The king is dead, long live the king! T’Challa (very good Chadwick Boseman) returns to his native country, African Wakanda, to take the throne after his father’s death. New-made king has to not only take care of his own people, but also take responsibility of the future of the entire world. The director of the movie, Ryan Coogler, decides to reverse the traditional model of the world in which black continent is considered to be the weakest and locates there natural weapons that can do both – destroy or safe the Earth that we know. Black power in “Black Panther” is very literal – it’s not a movie about empowering people of Africa, but about the so-called third world being responsible for the distribution of power on the entire globe.
In one of the most symbolical scenes (from the ending) one black American little boy asks the protagonist who he is and if the strange powerful, futuristic vehicle that just has landed on the playground belongs to him. The sincerely surprised kid represents here the entire Afro-American audience that finally gets their own superhero – the titled Black Panther that not only wears black and super cool costume, but underneath is black as well. Coogler’s movie is a symbolical revenge of the suppressed ones, but also – above all – a first super-hero tale in which black actresses and actors dominate on every plan. What’s important, the director, when repeating schemes of Hollywood narrations, doesn’t force his characters to be like their white colleagues. He adds to his picture local colouring – African old rituals, dances, beliefs. On the visual level his “Black Panther” is like a postcard from a real world in which magic still exists.
Coogler’s movie is a utopian, but beautiful fantasy about the world in which chances are not only equalized, but even totally reversed. Wakanda is a place in which we want to believe, because it represents and – more importantly – fixes all the things that the real world has failed in. What’s interesting, the American people that we meet don’t know about power that king T’Challa has. For a long time he remains in their eyes a ruler from the third world country that was robbed by white thief from inappreciable amount of natural weapons and has not much left. But the real Wakanda has not much in common with its image that white Americans has. It’s a powerful kingdom that knows technologies that Western scientists have never even dare to dream about. Coogler knows that the real world really misses Wakanda and that it should find a way of building it.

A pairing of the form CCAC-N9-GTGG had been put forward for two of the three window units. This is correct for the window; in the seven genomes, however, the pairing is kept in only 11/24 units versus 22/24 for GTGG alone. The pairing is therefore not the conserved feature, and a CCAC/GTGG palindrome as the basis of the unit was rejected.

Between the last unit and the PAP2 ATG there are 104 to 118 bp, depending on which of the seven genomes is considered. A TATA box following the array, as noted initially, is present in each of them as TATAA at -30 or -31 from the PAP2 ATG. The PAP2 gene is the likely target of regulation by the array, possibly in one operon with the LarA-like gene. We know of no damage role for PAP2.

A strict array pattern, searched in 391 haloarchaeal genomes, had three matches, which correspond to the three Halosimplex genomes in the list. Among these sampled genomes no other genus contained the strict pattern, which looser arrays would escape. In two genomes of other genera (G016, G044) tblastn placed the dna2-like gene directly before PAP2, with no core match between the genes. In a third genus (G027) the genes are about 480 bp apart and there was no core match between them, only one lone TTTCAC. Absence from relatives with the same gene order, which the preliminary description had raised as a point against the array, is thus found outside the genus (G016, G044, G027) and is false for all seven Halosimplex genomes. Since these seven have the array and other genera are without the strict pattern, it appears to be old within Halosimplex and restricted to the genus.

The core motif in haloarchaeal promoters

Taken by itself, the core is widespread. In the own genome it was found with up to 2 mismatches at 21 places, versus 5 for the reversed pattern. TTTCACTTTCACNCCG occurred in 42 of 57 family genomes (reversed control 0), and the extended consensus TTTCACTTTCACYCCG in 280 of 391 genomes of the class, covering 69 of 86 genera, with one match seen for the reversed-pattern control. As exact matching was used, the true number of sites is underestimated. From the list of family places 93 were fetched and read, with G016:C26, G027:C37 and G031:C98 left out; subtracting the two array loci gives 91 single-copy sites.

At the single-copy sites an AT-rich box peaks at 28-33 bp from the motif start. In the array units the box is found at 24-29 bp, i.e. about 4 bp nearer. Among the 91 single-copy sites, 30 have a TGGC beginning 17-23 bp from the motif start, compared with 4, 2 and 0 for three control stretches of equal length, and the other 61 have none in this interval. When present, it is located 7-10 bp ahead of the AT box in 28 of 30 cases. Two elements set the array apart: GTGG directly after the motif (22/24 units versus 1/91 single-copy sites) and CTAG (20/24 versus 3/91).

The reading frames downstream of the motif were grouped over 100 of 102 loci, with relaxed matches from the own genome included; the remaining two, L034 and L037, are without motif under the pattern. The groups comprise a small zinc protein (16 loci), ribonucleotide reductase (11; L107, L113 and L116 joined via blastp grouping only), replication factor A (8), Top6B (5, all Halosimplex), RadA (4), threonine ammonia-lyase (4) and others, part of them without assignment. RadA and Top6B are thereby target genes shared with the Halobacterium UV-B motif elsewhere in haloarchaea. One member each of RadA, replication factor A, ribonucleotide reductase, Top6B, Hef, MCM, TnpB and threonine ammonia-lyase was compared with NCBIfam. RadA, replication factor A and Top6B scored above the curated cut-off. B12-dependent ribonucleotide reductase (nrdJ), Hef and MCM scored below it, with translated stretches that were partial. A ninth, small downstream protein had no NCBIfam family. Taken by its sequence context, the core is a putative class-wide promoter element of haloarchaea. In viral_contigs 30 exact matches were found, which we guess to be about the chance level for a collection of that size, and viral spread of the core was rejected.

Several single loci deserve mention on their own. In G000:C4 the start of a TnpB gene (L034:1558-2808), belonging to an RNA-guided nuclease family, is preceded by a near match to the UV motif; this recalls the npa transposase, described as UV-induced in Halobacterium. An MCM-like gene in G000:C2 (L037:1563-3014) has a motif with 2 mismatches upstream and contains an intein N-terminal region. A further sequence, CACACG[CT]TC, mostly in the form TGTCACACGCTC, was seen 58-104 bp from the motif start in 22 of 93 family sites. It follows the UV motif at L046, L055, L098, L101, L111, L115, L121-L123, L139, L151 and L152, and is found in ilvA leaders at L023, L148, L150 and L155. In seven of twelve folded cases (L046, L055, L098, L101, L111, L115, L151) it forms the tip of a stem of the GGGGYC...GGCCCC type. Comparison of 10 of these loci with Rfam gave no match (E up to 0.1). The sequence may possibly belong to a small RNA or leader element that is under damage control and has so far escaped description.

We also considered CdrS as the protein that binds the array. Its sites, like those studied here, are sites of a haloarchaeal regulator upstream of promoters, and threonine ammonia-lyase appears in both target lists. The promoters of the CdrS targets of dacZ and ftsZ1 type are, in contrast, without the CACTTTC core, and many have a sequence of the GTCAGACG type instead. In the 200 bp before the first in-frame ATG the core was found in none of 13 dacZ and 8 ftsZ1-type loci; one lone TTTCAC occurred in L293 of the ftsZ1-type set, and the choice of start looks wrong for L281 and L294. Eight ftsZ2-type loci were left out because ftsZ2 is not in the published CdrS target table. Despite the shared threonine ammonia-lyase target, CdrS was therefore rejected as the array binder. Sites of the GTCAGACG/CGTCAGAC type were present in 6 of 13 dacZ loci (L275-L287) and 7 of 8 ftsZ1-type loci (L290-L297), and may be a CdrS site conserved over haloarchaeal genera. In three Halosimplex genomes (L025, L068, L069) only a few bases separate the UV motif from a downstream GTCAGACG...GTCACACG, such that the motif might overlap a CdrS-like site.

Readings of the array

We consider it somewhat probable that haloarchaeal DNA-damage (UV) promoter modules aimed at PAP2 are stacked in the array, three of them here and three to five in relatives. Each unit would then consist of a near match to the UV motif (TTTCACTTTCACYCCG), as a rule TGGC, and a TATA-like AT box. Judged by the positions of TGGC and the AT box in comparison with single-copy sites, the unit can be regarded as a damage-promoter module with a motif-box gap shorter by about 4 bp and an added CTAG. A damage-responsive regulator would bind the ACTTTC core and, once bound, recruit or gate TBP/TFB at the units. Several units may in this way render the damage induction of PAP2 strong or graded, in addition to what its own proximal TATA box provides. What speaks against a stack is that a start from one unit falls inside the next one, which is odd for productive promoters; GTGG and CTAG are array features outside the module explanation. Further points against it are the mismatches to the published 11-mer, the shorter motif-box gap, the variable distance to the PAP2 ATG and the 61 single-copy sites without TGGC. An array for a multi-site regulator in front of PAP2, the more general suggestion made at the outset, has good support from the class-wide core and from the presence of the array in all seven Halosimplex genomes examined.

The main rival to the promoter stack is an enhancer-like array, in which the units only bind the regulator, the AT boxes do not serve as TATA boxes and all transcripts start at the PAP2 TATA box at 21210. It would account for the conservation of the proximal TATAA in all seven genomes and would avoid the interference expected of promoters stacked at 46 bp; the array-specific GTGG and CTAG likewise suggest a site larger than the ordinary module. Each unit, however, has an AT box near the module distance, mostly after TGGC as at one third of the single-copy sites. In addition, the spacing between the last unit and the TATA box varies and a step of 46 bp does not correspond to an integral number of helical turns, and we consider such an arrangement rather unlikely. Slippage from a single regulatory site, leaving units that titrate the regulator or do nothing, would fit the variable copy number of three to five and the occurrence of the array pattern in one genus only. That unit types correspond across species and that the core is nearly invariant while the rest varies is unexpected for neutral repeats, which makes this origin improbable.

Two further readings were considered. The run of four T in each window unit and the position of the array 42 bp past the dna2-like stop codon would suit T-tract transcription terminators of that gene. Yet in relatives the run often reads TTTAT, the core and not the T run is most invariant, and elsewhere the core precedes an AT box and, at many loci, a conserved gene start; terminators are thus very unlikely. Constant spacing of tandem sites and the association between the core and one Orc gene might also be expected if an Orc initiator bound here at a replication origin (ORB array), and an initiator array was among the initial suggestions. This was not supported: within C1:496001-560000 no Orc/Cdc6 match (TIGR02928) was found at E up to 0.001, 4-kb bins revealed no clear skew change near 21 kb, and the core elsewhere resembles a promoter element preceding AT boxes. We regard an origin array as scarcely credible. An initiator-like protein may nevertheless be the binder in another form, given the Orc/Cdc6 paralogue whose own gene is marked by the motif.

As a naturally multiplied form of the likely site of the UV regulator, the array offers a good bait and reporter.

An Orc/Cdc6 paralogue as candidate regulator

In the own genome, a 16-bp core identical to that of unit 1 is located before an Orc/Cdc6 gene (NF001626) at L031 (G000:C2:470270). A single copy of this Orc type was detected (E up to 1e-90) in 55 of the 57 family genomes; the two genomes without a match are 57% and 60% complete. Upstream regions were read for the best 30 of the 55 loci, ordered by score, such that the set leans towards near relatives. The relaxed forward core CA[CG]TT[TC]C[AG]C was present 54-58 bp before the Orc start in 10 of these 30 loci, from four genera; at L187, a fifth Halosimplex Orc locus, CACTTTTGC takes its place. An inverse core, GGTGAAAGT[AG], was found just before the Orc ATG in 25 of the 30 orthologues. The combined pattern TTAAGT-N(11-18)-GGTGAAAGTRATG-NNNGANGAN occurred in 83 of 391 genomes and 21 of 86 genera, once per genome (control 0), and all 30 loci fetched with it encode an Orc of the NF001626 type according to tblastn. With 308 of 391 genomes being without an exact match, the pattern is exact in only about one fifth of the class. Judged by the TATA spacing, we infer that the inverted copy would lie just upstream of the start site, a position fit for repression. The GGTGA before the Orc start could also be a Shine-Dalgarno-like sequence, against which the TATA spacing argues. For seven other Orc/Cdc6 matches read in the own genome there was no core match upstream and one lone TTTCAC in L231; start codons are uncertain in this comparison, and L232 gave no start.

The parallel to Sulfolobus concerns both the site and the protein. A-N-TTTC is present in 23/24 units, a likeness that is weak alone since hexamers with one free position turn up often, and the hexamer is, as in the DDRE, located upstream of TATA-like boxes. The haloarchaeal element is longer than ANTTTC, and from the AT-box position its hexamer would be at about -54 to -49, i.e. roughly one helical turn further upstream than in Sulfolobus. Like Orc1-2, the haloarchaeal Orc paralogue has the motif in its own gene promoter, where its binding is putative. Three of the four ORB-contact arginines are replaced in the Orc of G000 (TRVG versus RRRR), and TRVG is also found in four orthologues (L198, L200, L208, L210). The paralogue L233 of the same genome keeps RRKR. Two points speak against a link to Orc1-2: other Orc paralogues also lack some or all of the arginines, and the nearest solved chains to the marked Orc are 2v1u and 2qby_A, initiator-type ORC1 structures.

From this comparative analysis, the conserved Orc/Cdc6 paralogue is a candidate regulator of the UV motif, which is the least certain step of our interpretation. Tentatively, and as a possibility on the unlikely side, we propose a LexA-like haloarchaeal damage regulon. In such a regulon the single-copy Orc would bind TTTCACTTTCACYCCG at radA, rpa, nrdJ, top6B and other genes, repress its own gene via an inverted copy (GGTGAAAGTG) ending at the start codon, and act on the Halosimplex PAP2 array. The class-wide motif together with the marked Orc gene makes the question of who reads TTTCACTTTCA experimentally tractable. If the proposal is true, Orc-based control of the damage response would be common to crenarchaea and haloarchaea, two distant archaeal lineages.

The director turns his “Black Panther” not only into a fantasy about better reality, but also quips with threads taken from public discourse of her and now. The king becomes an allegory of all great rulers of powerful countries that have not only enormous power, but also even bigger and more serious responsibility. The narration is fulfilled with references to dilemmas and temptations of the most important people that decide in which direction the history of the world will develop. The king of Wakanda will have to make decision that will influence the lives of immigrants and will be tempted to build the wall in the name of the good of his own people. He will have to choose between safety of his country and it potentially never-ending prosperity and living the known and tamed reality to help his brothers and sisters that live somewhere else and are experienced discrimination and racism. “Black Panther” is also a movie about necessity of destroying the old order of the fathers and choosing change over tradition, matriarchy over patriarchy. This is the most powerful message that comes from Coogler’s movie – to make the world a better place, we must rethink and rearrange it.
“Black Panther” is a great movie as a tale about empowering the weak ones and looking for strength where before it was unseen – in Wakanda, a place in which women are not only goddesses of domestic order, but also great scientists, warriors, and decisive activists, but as a spectacle is rather wearisome and predicable. What is refreshing on the plot level, gets lost in the super-hero show.